KELLY: Have you looked at the Bloomberg New Energy Finance prediction which suggests that the international carbon prices could be as low as $5 a tonne by 2020 let alone by 2015?
COMBET: Well I have discussed a range of the forecasts while I have been in Europe with people fairly expert in the carbon markets and I haven’t found too many that support that view, that’s for sure.
It’s clear when you talk to analysts about where the European price is going to be by 2015. They are all saying that in fact it could be well ahead of where the Australian Treasury modelling is in terms of a higher price. There are some saying that you could have a European price as high as $50, for example
(GREG) Combet said Treasury modelling of carbon pricing had proven to be accurate and, if anything, conservative. “How about we have a bit of trust in that than some ridiculous allegation made by (Opposition Leader) Tony Abbott about the impact of carbon pricing,” he said . . . “There is every reason to believe that carbon markets will recover and we’ll stand by the Treasury modelling.”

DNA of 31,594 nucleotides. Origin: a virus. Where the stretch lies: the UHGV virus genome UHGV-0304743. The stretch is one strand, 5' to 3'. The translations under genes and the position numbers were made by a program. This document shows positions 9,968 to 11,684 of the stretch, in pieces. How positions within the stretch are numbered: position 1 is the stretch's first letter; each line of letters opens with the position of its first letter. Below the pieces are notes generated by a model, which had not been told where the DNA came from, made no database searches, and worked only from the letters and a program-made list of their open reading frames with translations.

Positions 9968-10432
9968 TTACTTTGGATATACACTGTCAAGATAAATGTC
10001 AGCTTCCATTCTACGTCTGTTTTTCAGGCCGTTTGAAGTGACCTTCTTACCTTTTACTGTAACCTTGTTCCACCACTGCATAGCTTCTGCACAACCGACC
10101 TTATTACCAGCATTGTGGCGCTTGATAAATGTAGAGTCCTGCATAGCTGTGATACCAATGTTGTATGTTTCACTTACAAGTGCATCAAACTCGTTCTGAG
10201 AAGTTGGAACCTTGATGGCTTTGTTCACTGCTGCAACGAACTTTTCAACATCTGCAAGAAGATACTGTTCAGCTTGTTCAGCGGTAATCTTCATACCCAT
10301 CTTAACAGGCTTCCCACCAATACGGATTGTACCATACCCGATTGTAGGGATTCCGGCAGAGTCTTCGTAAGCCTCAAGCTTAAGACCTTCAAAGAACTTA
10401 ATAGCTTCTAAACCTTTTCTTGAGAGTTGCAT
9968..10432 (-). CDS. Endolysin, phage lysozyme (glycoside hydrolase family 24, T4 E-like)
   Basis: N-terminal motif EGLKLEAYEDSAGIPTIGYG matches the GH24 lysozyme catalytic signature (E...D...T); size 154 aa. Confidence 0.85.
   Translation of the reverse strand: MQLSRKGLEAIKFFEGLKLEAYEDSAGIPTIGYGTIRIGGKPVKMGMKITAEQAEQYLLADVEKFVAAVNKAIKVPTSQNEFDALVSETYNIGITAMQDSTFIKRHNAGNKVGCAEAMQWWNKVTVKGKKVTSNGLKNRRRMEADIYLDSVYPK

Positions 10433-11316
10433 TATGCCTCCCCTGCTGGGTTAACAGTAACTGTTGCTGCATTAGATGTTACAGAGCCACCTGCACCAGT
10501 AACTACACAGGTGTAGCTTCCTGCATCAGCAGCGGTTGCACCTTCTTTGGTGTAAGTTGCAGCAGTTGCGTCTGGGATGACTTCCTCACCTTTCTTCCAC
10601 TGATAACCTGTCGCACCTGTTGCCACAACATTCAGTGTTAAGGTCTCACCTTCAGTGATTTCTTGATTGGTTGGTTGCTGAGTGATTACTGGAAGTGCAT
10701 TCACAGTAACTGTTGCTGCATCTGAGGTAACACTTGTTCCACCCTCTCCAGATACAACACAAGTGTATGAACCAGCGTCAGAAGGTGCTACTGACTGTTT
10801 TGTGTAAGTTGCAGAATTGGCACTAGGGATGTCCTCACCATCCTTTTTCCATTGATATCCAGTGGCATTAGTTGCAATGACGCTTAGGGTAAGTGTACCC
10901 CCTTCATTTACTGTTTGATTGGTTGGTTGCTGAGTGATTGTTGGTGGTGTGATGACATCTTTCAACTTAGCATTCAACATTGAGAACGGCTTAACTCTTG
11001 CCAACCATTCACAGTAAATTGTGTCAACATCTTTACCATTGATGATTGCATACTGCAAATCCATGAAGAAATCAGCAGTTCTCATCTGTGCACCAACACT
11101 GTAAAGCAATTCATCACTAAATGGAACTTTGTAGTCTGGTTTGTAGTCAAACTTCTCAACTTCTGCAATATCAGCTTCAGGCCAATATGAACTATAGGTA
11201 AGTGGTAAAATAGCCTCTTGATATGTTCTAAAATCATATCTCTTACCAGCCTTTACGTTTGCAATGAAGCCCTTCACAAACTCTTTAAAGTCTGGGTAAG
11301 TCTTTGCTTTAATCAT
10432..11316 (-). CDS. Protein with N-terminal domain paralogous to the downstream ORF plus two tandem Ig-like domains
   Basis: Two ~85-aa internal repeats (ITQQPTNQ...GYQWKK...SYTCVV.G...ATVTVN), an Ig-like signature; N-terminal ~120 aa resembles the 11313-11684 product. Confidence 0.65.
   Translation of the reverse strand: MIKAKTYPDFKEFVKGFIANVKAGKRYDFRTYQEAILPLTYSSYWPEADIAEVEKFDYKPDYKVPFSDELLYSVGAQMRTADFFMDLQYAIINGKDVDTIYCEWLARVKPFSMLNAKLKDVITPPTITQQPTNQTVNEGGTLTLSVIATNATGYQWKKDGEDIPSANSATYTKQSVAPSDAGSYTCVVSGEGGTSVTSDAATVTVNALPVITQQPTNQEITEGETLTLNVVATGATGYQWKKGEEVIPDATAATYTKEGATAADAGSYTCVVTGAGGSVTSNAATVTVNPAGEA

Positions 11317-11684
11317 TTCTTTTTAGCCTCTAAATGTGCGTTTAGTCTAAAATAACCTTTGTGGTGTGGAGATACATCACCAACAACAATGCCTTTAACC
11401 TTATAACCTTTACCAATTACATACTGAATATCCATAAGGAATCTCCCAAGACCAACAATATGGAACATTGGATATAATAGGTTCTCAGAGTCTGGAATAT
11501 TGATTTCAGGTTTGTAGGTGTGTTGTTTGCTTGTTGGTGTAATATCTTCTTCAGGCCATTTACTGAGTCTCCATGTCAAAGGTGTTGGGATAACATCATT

Mr Combet repeated he was confident of the Treasury modelling, which predicts a $29 a tonne carbon price in 2015/16.
This reality is unfolding in Europe. A tonne of emissions is now $3.20, and is expected to fall to $1.20 compared with $7 earlier this year, a 2008 starting price of nearly $50 and Australia’s $23 carbon tax, which will increase to $24.15 on July 1. The European carbon price crash is not unprecedented. The voluntary Chicago climate exchange traded permits for about $7.50 in 2008, but bottomed out at 5c when the scheme closed in 2010…
European politicians have recognised how little public appetite there is to increase their hip pocket costs to cut emissions and reward rent seekers.
The collapse of Europe’s latest attempt to breathe life into its moribund carbon trading scheme is a hammer-blow for proponents of a global carbon trading system. So much has gone wrong with Europe’s scheme that a global trading regime may be out of reach for decades, even if the carbon price recovers.
Andrew Bolt’s columns appear in Melbourne’s Herald Sun, Sydney’s Daily Telegraph and Adelaide’s Advertiser. He runs the most-read political blog in Australia and hosts Channel 10’s The Bolt Report each Sunday at 10am. He is also heard from Monday to Friday at 8am on the breakfast show of radio station MTR 1377, and his book Still Not Sorry remains very widely read.